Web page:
March 23, 2017

Early Women Faculty at University of Kansas

Posted on Posted in HBW, Shelia Bonner

[Shelia Bonner]

Too often, stereotypes and misinformation—images, stories, and historical records presented to others—obscure existing representations of black women.

The previous passage is taken from the “Preface” of Sister Circle, the 2002 collection that celebrates works produced by Black women scholars. In the celebratory fashion of Sister Circle and as we close out Women’s History Month, today’s blog space is dedicated to women of color who were among the early faculty members at the University of Kansas.

Mildred Watson earned a B.S. from Lincoln University, a historically black college in Missouri, in 1942 and a Masters in 1954. She devoted 13 years of service to KU as an Assistant Professor and later as an Associate Professor of Social Work from 1963 – 1976. In 1984 she was appointed as the first female commissioner of the juvenile division of the Jackson County Circuit Court. She died as the age of 82 July 1, 2005, in Florissant, Missouri.

Watson with members of the Social Work department. The photograph was published in Transitions: The Emergence, Growth, and Development of the School of Social Welfare. It was edited by Shirley Patterson and Ben Zimmerman, and published by The University of Kansas Printing Service in 1987.

In 2004, Mary Townsend was recognized for her 21 years of service to KU by The Emily Taylor Center for Women and Gender Equity. At the university from 1969 – 1987, Townsend served the college community in several capacities. While she started as a secretary, she would later become a tenured professor in 1971 and later the Director of Minority Affairs, now known as Office of Minority Affairs. By the end of her career at the university, in 1987, she was an emeritus professor.

 

HBW would like to thank Deborah Dandridge at Spencer Research Library for her research assistance while drafting this piece.  

A Conversation with Sharan Strange

Posted on Posted in HBW

This interview is part of Black Poetry of the Black Arts Movement, an institute sponsored by the National Endowment for the Humanities and under the auspices of Project on the History of Black Writing at the University of Kansas. Webinar with poet Sharan Strange conducted October 28, 2015.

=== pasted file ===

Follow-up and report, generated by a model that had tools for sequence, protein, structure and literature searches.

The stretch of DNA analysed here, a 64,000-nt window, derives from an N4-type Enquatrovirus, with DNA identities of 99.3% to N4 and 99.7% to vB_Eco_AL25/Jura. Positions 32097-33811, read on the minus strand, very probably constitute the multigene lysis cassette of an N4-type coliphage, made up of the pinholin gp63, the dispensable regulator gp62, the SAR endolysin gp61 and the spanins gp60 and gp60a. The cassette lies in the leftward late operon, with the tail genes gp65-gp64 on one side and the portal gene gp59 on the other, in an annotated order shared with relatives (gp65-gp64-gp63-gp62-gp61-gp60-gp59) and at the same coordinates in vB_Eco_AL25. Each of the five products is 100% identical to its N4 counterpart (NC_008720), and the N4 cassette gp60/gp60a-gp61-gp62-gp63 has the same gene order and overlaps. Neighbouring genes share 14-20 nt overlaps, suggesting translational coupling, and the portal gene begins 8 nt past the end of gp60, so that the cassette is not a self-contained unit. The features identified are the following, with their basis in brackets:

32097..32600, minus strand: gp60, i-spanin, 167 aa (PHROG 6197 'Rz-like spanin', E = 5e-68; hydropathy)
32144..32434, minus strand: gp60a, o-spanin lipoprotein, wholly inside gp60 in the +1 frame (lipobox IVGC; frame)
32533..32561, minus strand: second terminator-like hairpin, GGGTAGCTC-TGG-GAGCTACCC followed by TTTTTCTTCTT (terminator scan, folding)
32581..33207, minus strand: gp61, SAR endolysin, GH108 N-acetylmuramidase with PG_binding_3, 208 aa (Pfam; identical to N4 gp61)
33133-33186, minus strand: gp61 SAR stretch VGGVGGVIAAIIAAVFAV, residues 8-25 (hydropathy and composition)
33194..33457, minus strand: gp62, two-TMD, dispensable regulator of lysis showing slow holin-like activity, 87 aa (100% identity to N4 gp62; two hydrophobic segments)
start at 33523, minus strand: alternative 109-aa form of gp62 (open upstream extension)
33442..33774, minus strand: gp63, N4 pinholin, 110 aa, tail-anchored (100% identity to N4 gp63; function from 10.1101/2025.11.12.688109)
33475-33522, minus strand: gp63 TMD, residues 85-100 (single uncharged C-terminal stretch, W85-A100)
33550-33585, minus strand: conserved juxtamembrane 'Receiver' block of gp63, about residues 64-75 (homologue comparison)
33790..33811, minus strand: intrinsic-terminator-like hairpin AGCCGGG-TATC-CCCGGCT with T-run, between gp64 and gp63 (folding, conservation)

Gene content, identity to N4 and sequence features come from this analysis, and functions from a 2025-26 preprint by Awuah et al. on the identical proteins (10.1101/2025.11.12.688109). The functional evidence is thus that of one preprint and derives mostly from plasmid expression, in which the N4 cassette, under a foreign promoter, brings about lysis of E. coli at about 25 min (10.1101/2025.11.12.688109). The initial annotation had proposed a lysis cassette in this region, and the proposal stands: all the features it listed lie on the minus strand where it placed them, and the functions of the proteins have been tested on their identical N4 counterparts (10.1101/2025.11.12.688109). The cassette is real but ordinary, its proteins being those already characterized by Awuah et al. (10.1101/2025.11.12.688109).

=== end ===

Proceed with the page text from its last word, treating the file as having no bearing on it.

#NationalPoetryMonth

Strong Readers Reading the Difficult Long Poem

Posted on Posted in Guest Blogger, Jerry W. Ward

A metronome does not measure the pleasure of reading a long poem. The pleasure exists, outside of time, in a reader’s total aesthetic experience of bringing something to the poem and taking away much more than she or he arrived with. Only strong readers survive, and some of them opt to transform knowledge gained into actions. Others hoard their intellectual wealth. In American time-and-capital-driven cultures of reading, one might argue that becoming a strong reader is often a luxury enjoyed mainly by the incarcerated, for they are condemned to live in “abnormal” time. While they may open their readings to the sufferings of history, they do so without the Kabbalistic gestures Harold Bloom ascribes to strong readers in A Map of Misreading(1975). They employ fierce independence and common sense.

Mackey, Nathaniel. Blue Fasa. New York: New Directions, 2015.

In Discrepant Engagement: Dissonance, Cross-Culturality, and Experimental Writing (1993), Mackey provided theoretical foundations for grasping why his poetic practice diverges from the orthodox frames of referentiality described in Stephen Henderson’s groundbreaking Understanding the New Black Poetry (1973). Nevertheless, attentive readers of this book can detect that Mackey’s practice is not alien in the tension-marked dynamics of modern African American poetry. The relatively uncanonized works of Russell Atkins and the canonized ones of Melvin B. Tolson, for example, are prototypes of what conservative academic critics might judge to be the transgressions of Mackey’s poetics. They provide evidence that difference and difficulty are inherently normal in our poetic tradition, normal to the extent printed poetry can replay music.